We’re just about at the end of our journey here and this will be the last segment. Last time we left off talking about oral prescriptions that are commonly prescribed for type 2 diabetes, and we noticed a big disregard for levels of certain hormones that control blood sugar, looking to elevate them to great excess in a vain attempt at long term blood sugar control.
Only metformin doesn’t make our condition worse actually among the ones we looked at, although I should also mention that a medication called acarbose doesn’t really either, although there are natural alternatives to this that also delay carbohydrate absorption, including one that Dr. Hite himself mentioned, salacia.
Dr. Hite also mentions symlin, which is a synthetic version of the hormone amylin, and I devoted an entire article to this elsewhere in case you want to check it out. As it turns out, we already secrete too much of this hormone, and are amylin resistant, but who cares, let’s inject some more and see what happens, and the results predictably are pretty ugly.
Dr. Hite now discusses insulin injections for type 2’s, and he says, well sometimes your insulin levels can go too low and you need help increasing it by injecting it. He’s describing type 1 diabetics though, not type 2’s.
It’s not unheard of that type 2’s can develop into a sorry enough state that they actually do have insulin deficiency, in which case bringing it up is a great idea, but this is not how we prescribe injected insulin to type 2’s.
No one cares what your insulin levels are actually, if they are too low, if they are too high, and almost always they are too high already, and no one cares how much higher this stuff makes you, as long as we get a temporary reduction in blood sugar.
So once again we’re dealing with creating more hormonal imbalance through excess. When insulin is involved, it’s the hair of the dog that bit you approach, only we find more than just hair, we find a big dog with sharp teeth to bite us again and keep biting us.
That’s not a good treatment for a dog bite though.
When asked whether insulin will make you fatter, he says yeah it might, so eat less. Actually this is a good tip, but you want to be eating less carbohydrate, if you are unfortunate enough to be on this stuff in the first place without having your insulin levels monitored closely, which pretty much never happens actually.
When asked whether protein in the urine should cause one to stop eating protein, his answer is no, and that’s the correct one, although this condition does indicate kidney damage and one may want to avoid excessive protein consumption. Treating the kidney damage though is even more important, and this is yet another consequence of high insulin by the way.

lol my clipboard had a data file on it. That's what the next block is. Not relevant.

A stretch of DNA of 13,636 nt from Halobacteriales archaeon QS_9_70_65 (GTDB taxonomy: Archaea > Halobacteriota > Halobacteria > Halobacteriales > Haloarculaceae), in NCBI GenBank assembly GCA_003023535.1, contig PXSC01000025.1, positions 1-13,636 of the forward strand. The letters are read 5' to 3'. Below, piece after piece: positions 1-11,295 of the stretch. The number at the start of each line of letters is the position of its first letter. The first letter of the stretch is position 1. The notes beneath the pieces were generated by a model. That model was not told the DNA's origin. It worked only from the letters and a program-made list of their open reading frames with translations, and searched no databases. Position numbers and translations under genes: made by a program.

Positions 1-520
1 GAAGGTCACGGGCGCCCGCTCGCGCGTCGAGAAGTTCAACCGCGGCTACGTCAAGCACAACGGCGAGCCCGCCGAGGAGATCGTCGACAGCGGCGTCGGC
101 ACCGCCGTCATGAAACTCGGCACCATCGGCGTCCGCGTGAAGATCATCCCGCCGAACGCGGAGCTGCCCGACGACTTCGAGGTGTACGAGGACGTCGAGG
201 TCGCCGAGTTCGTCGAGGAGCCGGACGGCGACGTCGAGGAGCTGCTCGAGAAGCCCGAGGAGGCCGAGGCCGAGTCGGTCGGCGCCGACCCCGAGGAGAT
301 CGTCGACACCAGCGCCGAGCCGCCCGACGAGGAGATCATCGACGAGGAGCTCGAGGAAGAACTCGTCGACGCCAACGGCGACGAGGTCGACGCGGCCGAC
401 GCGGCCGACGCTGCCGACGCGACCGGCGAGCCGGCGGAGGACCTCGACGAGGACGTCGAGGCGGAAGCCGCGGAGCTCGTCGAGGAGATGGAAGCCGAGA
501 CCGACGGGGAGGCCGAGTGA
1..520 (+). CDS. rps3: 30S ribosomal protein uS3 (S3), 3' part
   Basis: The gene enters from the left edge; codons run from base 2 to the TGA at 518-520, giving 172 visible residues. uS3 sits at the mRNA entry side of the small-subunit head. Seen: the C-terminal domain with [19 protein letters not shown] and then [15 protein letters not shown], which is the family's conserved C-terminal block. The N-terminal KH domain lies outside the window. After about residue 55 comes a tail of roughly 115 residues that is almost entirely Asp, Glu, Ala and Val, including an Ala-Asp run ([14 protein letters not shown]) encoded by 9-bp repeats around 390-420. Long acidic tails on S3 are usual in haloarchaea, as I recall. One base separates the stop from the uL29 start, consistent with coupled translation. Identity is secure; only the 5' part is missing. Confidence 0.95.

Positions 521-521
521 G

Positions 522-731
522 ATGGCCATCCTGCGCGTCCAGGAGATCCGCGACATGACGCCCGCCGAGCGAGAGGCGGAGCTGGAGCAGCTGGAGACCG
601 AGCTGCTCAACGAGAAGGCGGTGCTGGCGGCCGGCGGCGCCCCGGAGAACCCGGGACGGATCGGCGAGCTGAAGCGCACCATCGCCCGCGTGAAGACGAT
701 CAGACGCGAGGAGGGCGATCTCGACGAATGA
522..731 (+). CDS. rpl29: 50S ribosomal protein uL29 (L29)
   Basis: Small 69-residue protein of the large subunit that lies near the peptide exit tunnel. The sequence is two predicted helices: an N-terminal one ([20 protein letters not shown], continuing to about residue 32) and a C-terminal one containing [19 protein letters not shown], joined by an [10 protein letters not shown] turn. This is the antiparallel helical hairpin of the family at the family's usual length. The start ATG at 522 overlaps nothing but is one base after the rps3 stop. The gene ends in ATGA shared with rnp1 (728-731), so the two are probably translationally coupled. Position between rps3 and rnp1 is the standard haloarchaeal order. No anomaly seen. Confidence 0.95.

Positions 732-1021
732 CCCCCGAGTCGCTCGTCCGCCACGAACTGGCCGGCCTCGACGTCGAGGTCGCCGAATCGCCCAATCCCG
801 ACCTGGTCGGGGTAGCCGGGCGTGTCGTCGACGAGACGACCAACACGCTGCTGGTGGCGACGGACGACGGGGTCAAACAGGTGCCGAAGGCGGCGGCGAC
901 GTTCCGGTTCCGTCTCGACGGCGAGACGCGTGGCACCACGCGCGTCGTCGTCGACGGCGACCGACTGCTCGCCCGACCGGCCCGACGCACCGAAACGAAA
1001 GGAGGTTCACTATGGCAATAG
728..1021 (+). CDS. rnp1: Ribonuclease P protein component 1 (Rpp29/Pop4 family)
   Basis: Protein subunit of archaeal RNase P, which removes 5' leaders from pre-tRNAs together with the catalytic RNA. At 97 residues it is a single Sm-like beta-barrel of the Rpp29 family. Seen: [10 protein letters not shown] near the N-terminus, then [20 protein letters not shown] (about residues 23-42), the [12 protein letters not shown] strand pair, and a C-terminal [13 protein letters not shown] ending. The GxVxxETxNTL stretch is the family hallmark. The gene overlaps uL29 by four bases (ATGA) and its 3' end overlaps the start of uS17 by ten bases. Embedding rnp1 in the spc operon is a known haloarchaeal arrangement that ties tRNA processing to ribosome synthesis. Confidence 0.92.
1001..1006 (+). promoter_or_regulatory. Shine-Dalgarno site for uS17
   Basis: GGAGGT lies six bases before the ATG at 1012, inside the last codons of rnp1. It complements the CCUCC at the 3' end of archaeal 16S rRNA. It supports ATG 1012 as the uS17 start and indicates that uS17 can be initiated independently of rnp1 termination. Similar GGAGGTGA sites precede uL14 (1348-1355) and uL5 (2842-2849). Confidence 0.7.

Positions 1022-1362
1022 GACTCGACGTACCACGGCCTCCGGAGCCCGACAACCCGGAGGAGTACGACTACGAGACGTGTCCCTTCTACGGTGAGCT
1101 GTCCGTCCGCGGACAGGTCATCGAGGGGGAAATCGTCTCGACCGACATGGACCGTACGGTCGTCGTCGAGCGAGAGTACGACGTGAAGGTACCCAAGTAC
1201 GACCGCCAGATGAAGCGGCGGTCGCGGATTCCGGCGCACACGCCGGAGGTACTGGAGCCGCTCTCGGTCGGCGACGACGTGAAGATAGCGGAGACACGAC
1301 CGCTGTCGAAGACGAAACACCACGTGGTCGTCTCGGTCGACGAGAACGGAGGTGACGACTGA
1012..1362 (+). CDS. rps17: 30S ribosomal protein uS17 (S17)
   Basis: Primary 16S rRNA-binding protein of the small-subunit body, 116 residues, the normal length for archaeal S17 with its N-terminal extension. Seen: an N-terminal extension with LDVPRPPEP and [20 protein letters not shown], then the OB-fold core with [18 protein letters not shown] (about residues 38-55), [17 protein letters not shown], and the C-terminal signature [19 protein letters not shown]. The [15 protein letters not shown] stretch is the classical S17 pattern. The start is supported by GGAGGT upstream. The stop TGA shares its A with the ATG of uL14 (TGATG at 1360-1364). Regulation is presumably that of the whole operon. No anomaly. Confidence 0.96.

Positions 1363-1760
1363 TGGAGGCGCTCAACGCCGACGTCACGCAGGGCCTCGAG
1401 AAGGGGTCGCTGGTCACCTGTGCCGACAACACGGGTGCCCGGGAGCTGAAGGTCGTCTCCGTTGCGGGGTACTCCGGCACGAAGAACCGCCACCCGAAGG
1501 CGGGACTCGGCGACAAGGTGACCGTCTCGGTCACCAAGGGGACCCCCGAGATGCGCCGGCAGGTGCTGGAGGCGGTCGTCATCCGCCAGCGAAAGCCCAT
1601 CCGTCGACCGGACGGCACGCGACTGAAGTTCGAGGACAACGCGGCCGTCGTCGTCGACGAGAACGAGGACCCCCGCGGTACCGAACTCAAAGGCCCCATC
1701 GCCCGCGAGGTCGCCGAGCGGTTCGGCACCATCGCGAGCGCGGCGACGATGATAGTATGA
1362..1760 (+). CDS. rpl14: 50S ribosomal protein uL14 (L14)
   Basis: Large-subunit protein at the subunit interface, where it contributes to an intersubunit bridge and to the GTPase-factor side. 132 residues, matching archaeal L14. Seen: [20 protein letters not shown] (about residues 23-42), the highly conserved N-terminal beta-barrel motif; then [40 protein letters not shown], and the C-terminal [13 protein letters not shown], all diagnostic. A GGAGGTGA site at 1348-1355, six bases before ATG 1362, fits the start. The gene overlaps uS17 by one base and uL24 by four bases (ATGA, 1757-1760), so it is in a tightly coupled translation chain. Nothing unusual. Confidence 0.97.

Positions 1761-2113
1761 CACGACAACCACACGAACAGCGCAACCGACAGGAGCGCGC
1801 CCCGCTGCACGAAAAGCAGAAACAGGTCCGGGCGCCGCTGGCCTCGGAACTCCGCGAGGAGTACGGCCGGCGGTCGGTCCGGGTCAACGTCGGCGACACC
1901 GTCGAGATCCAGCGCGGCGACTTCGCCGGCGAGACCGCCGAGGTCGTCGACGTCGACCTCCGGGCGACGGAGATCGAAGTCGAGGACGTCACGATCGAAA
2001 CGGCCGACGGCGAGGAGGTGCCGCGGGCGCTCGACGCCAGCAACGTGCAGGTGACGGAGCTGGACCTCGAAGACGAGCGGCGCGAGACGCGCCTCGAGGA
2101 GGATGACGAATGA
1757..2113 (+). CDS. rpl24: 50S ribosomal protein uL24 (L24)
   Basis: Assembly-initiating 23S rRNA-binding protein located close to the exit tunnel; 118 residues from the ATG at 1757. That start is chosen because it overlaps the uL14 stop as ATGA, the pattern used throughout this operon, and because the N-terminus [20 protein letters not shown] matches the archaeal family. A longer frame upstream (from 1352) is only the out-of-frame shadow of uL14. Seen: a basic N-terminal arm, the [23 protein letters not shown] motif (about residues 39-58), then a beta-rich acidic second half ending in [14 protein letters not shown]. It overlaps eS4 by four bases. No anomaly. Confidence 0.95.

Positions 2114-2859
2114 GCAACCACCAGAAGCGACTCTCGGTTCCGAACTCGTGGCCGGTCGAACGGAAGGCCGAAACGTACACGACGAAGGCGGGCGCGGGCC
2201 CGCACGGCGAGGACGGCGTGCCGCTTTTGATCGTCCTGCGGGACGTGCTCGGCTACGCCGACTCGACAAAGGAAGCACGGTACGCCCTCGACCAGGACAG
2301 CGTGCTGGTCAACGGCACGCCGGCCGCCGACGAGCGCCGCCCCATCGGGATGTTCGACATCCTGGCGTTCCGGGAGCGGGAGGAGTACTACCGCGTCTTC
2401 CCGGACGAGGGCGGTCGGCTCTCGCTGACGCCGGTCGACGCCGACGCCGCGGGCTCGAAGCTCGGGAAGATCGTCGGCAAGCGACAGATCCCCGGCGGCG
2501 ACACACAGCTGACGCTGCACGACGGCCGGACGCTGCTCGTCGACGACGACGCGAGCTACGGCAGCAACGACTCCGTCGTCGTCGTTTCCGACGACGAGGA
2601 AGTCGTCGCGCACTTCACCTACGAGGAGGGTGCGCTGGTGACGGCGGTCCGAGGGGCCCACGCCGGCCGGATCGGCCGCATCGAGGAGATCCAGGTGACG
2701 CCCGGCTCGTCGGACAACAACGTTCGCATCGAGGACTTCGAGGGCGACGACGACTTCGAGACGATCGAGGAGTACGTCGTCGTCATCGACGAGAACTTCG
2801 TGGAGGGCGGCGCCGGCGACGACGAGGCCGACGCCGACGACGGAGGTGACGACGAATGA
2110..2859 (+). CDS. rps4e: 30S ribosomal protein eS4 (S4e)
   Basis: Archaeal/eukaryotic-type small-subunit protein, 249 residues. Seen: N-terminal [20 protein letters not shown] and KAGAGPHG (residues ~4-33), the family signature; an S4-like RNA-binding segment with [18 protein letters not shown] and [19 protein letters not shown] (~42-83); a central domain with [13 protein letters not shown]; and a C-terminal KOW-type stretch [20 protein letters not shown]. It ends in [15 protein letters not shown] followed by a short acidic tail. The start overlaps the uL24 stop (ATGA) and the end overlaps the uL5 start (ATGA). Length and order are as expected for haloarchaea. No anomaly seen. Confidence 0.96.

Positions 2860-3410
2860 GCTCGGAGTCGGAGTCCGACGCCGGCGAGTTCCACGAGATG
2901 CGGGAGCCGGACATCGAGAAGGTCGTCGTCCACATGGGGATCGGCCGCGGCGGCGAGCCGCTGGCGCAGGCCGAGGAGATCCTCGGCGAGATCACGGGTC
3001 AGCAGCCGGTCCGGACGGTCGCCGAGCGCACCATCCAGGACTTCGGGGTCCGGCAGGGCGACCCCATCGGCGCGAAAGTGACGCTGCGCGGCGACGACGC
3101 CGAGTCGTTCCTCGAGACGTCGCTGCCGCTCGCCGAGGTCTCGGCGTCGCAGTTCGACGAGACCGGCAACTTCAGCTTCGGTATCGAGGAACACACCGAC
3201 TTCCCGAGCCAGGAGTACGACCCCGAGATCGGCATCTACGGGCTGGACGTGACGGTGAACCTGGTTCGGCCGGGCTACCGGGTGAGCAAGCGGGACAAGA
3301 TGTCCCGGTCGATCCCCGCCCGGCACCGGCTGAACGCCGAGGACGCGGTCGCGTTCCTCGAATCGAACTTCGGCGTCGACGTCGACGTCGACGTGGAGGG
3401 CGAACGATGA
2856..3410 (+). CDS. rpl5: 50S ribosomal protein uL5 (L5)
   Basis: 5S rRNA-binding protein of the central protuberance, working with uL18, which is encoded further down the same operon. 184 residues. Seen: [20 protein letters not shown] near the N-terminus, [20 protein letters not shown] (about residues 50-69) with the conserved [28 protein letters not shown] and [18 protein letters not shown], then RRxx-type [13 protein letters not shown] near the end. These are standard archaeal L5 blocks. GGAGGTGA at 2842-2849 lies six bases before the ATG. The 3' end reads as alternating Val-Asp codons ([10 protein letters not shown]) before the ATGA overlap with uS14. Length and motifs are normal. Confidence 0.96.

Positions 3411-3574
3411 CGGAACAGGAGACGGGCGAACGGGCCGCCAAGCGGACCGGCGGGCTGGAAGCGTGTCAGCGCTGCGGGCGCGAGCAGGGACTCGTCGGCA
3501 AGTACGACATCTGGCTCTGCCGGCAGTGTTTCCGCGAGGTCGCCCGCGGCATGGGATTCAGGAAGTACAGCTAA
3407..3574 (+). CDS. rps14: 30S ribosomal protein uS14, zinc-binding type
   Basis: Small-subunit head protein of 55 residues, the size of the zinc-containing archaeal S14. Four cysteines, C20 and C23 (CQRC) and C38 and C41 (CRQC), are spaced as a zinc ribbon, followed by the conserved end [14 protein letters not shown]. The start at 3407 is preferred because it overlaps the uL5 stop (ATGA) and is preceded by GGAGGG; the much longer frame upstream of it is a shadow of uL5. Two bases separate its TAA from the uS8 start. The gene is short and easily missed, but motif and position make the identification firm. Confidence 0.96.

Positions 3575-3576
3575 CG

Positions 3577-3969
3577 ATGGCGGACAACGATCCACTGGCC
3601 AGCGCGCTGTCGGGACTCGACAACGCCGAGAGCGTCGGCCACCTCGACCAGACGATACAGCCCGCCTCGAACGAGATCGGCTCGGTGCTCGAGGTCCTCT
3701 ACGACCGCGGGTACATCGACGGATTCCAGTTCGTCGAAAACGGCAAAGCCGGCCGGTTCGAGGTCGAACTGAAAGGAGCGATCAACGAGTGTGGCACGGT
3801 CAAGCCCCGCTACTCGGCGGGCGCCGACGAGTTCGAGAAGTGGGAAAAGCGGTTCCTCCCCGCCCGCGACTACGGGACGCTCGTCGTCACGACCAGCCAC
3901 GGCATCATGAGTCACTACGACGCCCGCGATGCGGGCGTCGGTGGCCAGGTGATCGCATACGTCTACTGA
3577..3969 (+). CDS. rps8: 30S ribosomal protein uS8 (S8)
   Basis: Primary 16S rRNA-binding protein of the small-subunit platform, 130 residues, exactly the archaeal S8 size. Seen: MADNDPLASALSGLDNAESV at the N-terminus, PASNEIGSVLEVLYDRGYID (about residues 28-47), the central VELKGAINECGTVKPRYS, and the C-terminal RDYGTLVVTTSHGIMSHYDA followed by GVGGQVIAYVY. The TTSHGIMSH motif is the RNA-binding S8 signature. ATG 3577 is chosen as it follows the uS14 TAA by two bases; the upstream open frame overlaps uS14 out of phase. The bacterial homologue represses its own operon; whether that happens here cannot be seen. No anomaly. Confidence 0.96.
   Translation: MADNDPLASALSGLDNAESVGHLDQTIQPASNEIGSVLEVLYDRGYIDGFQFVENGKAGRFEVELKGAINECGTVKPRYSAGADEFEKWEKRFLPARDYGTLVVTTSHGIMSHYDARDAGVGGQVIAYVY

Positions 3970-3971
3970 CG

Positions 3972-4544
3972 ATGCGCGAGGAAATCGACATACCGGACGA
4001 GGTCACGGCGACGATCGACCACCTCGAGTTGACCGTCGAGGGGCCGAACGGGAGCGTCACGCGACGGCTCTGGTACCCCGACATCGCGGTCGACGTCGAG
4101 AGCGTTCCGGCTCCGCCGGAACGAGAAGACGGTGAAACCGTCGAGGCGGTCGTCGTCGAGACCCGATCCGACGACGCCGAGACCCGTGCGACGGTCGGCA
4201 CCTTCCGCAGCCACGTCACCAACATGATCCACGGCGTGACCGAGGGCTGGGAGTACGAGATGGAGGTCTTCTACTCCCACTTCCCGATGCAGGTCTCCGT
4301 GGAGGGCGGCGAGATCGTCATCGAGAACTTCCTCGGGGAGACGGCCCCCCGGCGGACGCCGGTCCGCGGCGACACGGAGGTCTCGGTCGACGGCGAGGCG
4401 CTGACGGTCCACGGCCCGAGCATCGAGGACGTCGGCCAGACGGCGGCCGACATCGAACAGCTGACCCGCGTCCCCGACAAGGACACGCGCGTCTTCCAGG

Dr. Hite then goes into a long discussion about the effects of stress on diabetes, and this is indeed very important and worthy of a lot of space, although I won’t devote too much to this here. There are many ways to deal with stress of course although this is for the most part beyond the scope of our discussion.
One thing that is certainly true is that the more you know, the less you worry about, and a lot of fear concerning diabetes deals with the unknown. We also don’t want to be paranoid, but by the same token we want to give our disease enough concern, and this like a lot of things is about striking the right balance between caring and obsessing.
Diabetes is no treat, but can be well managed if one is willing to make the effort, and this does indeed require effort but not a huge amount of it. There are certainly a lot of worse diseases to have, and in fact getting this one can even put you on a course toward even greater health than you would have been down otherwise.
I personally feel that my health has benefited quite a bit from my discovering I had diabetes, as I now pay attention to it even more, which has resulted in my going from a bit overweight to what I consider to be a great weight for me, and I can now set my weight at whatever I want it to be simply from tweaking my macronutrient ratios and amounts.
A lot of bad stuff happens to you from high insulin actually, not just being overweight, and as you learn to normalize this hormone, this actually puts you ahead of most people actually, and most people have too much insulin running through them, and suffer the consequences, and there are many.
This all does involve both a commitment to learn about diabetes, what it is, why it makes us sick, and how to actually recover from it. Many diabetics who do this are well controlled, and well controlled diabetes is the leading cause of nothing.
So if the complaint against us was high blood sugar, and we no longer have that, what do we have? Well if we had high insulin, which is the real problem here, and we no longer have that, what do we have? We have nothing wrong with us really, as far as metabolic disease goes, as things just fall into place quite nicely when you normalize insulin and blood sugar levels. This does not mean perfect levels, but more healthy ones, that’s the goal here, to get healthier and thrive.